Hardware Operating System

Replacing Your Hard Drive

What Is Your Hard Drive?

One of the key pieces of hardware inside your computer is the hard drive. You may have also heard it called the hard disk or sometimes (incorrectly), the memory.

If you imagine your computer as a human body, your hard drive could be described as the long-term memory of the body. It is where data gets permanently stored for later use.

There are two types of hard drives that you will see frequently, standard hard drives (HDD) and solid state drives (SSD). The traditional hard drive is much more common and uses a magnetic arm to write data along a series of spinning disks. Solid-state drives use a series of interconnected flash memory chips to store data. We will get into why you would chose one over the other later in this article.

Why Would You Replace It?

Your (standard) hard drive is one of the few moving parts inside your computer (the others usually being your cooling fans and your CD drive). Because of this, standard hard drives are often one of the first parts to fail in a computer, and tend to do so after 3-5 years.

Oftentimes computer issues such as slowness or failure to boot are caused by an older hard drive beginning to fail.

What Replacement Hard Drive Should I Buy?

The Hard Drive that you should buy to replace your failing one depends on the way you use your computer. There are several factors to take into account.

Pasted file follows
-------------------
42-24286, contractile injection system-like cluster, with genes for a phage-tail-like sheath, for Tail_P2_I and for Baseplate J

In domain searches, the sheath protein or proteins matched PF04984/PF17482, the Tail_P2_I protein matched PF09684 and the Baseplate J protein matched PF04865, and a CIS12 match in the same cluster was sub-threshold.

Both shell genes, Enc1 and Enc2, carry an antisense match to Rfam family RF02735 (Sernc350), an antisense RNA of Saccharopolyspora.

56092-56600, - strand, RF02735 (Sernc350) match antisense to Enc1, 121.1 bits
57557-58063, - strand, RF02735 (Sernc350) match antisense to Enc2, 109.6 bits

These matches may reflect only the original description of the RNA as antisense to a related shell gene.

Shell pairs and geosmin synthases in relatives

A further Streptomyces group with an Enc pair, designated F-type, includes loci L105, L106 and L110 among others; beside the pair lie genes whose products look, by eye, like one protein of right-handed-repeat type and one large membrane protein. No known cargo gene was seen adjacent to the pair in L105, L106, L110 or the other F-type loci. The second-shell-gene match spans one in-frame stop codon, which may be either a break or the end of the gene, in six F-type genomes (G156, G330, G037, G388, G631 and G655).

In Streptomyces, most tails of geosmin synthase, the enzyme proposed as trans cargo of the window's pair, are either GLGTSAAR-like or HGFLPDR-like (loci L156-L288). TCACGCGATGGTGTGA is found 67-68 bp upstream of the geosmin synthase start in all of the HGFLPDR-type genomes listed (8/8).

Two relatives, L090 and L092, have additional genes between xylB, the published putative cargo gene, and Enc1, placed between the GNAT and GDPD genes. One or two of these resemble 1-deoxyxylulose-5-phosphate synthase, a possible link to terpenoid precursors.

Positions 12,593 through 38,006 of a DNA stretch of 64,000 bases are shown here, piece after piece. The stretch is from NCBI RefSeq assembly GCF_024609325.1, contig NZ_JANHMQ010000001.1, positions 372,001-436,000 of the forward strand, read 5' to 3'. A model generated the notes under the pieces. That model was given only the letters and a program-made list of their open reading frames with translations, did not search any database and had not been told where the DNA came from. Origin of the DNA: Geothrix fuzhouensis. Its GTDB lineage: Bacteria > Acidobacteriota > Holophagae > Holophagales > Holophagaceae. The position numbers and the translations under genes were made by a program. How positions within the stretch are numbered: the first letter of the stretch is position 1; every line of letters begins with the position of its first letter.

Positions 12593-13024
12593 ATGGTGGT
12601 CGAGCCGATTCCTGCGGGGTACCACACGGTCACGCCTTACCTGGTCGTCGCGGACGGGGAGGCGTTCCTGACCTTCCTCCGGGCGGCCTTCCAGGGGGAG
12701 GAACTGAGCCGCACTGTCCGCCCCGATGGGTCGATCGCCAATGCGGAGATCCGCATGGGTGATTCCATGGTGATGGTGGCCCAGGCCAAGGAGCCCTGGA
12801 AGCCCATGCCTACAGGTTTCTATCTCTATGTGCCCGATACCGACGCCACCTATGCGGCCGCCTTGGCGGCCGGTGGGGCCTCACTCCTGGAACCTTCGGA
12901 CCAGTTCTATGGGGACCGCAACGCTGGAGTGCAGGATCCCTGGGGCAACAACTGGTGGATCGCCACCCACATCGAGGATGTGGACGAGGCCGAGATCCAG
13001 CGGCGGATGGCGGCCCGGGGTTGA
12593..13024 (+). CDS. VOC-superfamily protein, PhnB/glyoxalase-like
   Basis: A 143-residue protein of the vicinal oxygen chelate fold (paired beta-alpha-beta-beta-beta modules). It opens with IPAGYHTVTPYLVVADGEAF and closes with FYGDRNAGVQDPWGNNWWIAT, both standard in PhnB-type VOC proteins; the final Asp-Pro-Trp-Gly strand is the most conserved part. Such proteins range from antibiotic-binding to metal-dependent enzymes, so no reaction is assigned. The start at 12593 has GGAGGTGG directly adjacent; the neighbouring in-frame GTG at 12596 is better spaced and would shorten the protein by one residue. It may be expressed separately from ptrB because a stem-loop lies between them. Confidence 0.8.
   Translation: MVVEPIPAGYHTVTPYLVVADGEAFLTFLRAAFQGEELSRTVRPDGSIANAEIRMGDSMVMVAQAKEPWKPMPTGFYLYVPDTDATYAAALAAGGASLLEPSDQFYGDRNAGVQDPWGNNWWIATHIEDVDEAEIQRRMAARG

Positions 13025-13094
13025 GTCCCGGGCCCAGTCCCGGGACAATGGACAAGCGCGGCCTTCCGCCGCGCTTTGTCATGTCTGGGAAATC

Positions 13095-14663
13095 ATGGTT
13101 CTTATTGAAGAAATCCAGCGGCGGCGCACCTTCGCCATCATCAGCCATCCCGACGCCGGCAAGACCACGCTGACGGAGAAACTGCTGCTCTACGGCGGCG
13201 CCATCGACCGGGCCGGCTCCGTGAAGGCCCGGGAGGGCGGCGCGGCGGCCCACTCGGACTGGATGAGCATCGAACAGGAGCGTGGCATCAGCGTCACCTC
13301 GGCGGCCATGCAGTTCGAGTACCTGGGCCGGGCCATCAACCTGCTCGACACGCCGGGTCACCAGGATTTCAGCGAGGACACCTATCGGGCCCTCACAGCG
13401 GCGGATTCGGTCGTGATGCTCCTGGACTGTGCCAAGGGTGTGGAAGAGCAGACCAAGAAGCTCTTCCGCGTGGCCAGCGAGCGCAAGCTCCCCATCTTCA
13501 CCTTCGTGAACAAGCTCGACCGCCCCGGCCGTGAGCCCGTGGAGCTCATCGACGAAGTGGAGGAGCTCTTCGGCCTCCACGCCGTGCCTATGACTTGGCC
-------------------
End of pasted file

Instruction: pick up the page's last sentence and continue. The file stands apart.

The first important factor is size. Ask yourself: how much space do you use on your hard drive? Though HDDs range from just a few gigabytes to several terabytes (1 TB = 1024 GB), the most common sizes currently are 500GB and 1TB. If you use your computer to simply browse the Internet and do basic schoolwork, 500GB will be more than enough for you. However, if you use your computer to store large amounts of media files, or if you play many video games, you should buy a 1TB hard drive.

The second question that you should ask yourself is whether you want an SSD or an HDD. SSDs offer many distinct advantages over a traditional hard drive. They are significantly faster, and tend to be more durable than traditional drives, as they have no moving parts. Replacing a traditional hard drive with an SSD is one of the simplest ways to speed up your computer. Unfortunately SSDs are much more expensive than HDDs for the same amount of space. A 500GB HDD often costs close to the price of a 128GB SSD.

One way to overcome the cost issue presented by SSDs is to install more than one hard drive. In many cases, it makes sense to install a small SSD, which would host your operating system and your most frequently used programs, and to use an HDD for most of your data and media.

How Do I Replace It?

On Windows PCs, especially desktops, hard Drives are often relatively simple to replace. Guides can be found on Youtube, as well as at .

Alternatively, you can come to the IT User Services Help Center, located in the LGRC low rise. We can take a hard drive you bring us (or we can sell you one of our own), and we can replace it for a small service fee (usually about $50).